MOSCOW: Marcos Paqueta is the last man to lead Saudi Arabia at a World Cup. The Brazilian, who took the reins ahead of the 2006 tournament after guiding Al-Hilal to a second-placed finish in the Saudi Professional League, speaks to Arab News about the challenges of coaching the Green Falcons, the perils of being a coach, and his thoughts on the side’s chances ahead of today’s opener in Russia.
Just like current manager Juan Antonio Pizzi, you were brought in after the team had already qualified for the World Cup. What are your memories of that 2006 tournament?
For me, it was a great accomplishment to have participated in a World Cup. The squad arrived after a very troubled World Cup in 2002 with some big defeats, such as the 8-0 against Germany. There was a very depressed and fearful feeling in the camp, but we took the players to a psychologist, who helped change that. It was cool and actually quite a smooth process because I previously worked at Al-Hilal and that season we had enjoyed some success, so we had around 10 Hilal players in the squad. The way they played was 4-4-2 and the way I played was 4-5-1, so on a tactical level, it was close to a perfect fit too. The only real concern, even from the federation, was psychological.
It is rare for a country to let a coach go after he qualifies for a World Cup, yet Saudi Arabia did it in 2006 with Gabriel Calderon and last year with Bert van Marwijk. What do you make of the pressures on modern-day coaches?
Ahead of the World Cup, we played many strong matches: Against Poland, against Greece, who were European champions, against Portugal. The results were not good, but the experience gained was. The team held their own against these teams, so we got rid of the fear of a thrashing and built confidence. The current Saudi team seem to have tried a similar tactic. Nowadays though, with the Internet, 24-hour news, social media it all heightens the pressure and speeds up the process. And it’s the coach who pays the price. I’ve coached in Saudi Arabia, Qatar, UAE, Libya, Egypt, Iraq … it happens a lot in the Arab world. Everyone has a voice and if people let themselves get carriedaway, they can be led by others.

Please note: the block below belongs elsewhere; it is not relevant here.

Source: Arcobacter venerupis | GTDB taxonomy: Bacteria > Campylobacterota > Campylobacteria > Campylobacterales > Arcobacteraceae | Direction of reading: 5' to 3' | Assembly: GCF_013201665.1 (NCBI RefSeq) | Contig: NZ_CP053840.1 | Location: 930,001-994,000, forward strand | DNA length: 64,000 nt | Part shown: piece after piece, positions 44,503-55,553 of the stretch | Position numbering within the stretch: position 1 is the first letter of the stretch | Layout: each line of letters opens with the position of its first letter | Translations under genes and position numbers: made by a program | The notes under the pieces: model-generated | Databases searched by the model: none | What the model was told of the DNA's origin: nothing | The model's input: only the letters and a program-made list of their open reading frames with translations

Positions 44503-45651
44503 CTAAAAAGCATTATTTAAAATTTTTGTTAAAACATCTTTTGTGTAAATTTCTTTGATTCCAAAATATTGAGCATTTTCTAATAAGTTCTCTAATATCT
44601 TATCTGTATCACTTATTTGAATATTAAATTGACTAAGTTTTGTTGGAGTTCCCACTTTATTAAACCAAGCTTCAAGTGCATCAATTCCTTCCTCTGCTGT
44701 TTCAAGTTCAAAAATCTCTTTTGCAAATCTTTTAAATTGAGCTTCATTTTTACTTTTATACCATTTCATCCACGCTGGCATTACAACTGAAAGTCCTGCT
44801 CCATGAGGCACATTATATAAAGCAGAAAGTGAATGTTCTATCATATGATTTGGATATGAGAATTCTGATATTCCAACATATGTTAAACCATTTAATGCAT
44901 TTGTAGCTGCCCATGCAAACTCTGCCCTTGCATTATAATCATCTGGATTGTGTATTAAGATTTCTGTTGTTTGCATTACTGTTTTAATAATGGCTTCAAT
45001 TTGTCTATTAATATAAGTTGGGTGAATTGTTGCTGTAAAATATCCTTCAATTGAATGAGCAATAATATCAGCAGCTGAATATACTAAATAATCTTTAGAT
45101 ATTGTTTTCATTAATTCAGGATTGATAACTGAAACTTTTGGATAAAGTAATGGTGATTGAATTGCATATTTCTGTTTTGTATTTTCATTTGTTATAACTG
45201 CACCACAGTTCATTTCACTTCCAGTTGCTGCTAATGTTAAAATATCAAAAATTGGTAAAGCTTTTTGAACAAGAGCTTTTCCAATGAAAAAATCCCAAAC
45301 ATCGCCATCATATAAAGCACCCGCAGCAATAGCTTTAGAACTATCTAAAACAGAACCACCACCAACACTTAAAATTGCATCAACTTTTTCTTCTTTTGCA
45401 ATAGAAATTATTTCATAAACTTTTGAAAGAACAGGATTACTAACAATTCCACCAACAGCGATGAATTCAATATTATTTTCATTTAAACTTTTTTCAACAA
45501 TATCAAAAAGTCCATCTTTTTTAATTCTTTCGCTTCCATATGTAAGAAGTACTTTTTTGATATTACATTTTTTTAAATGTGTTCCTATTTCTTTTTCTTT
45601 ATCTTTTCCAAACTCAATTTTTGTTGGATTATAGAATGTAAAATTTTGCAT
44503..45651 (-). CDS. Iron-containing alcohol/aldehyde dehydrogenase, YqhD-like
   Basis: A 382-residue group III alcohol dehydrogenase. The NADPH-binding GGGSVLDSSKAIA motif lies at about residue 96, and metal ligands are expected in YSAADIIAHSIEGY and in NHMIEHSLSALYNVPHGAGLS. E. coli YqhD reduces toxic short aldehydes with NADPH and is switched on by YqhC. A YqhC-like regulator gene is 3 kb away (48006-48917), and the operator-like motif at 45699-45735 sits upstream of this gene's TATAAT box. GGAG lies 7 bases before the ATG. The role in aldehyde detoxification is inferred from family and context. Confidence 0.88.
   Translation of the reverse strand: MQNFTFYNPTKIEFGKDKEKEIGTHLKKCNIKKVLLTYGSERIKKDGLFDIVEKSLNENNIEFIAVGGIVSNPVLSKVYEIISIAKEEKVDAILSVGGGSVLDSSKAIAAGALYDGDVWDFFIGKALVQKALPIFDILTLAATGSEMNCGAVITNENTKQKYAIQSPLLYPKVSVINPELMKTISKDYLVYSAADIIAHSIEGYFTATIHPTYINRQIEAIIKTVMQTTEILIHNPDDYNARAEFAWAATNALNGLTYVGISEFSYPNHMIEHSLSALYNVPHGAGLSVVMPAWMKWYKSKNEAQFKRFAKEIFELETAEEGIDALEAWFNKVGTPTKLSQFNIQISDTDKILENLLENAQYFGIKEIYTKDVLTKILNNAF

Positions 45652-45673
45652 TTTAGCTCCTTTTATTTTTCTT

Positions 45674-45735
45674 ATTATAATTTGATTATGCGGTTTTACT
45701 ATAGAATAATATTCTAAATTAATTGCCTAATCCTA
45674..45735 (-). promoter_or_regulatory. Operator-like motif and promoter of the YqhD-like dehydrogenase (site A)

What do you make of the current team? You are back in Brazil now, but have you had a chance to watch them at all recently? Who do you think will qualify from Group A?
Yes, I always follow my former teams. We still have a good relationship there in Saudi Arabia. The team is in a difficult group, no doubt; a group that also includes a Red Sea derby. For me, it is the Egypt game that will decide who qualifies. We know that Uruguay and Egypt are very strong with many players playing abroad, which is important, but Russia are hosts and to play at home brings a lot of pressure. Saudi Arabia can benefit. It is a difficult group to predict, but the first phase of a World Cup is when teams take a little more risk. It’s hard to say which team will qualify, but Saudi Arabia must be brave.
Your team in 2006 played against Tunisia, this year Saudi Arabia will play Egypt. Did you feel extra pressure in the match against regional neighbors? Were the players more motivated?
This type of rivalry will always exist in the Arab countries and the Tunisia game was a very well-fought match — 90 minutes full of soul and emotions. With two minutes to go, we were winning 2-1 and getting our campaign off to a great start. But there was something missing from the maturity of the players and we were unable to secure the positive result. This year, well, Egypt has a very big rivalry with Saudi Arabia and with Mohamed Salah, they have a player who can change a game. He has plenty of experience. It will be a very well-played match though; a very interesting game. For sure, there is no chance I will miss it.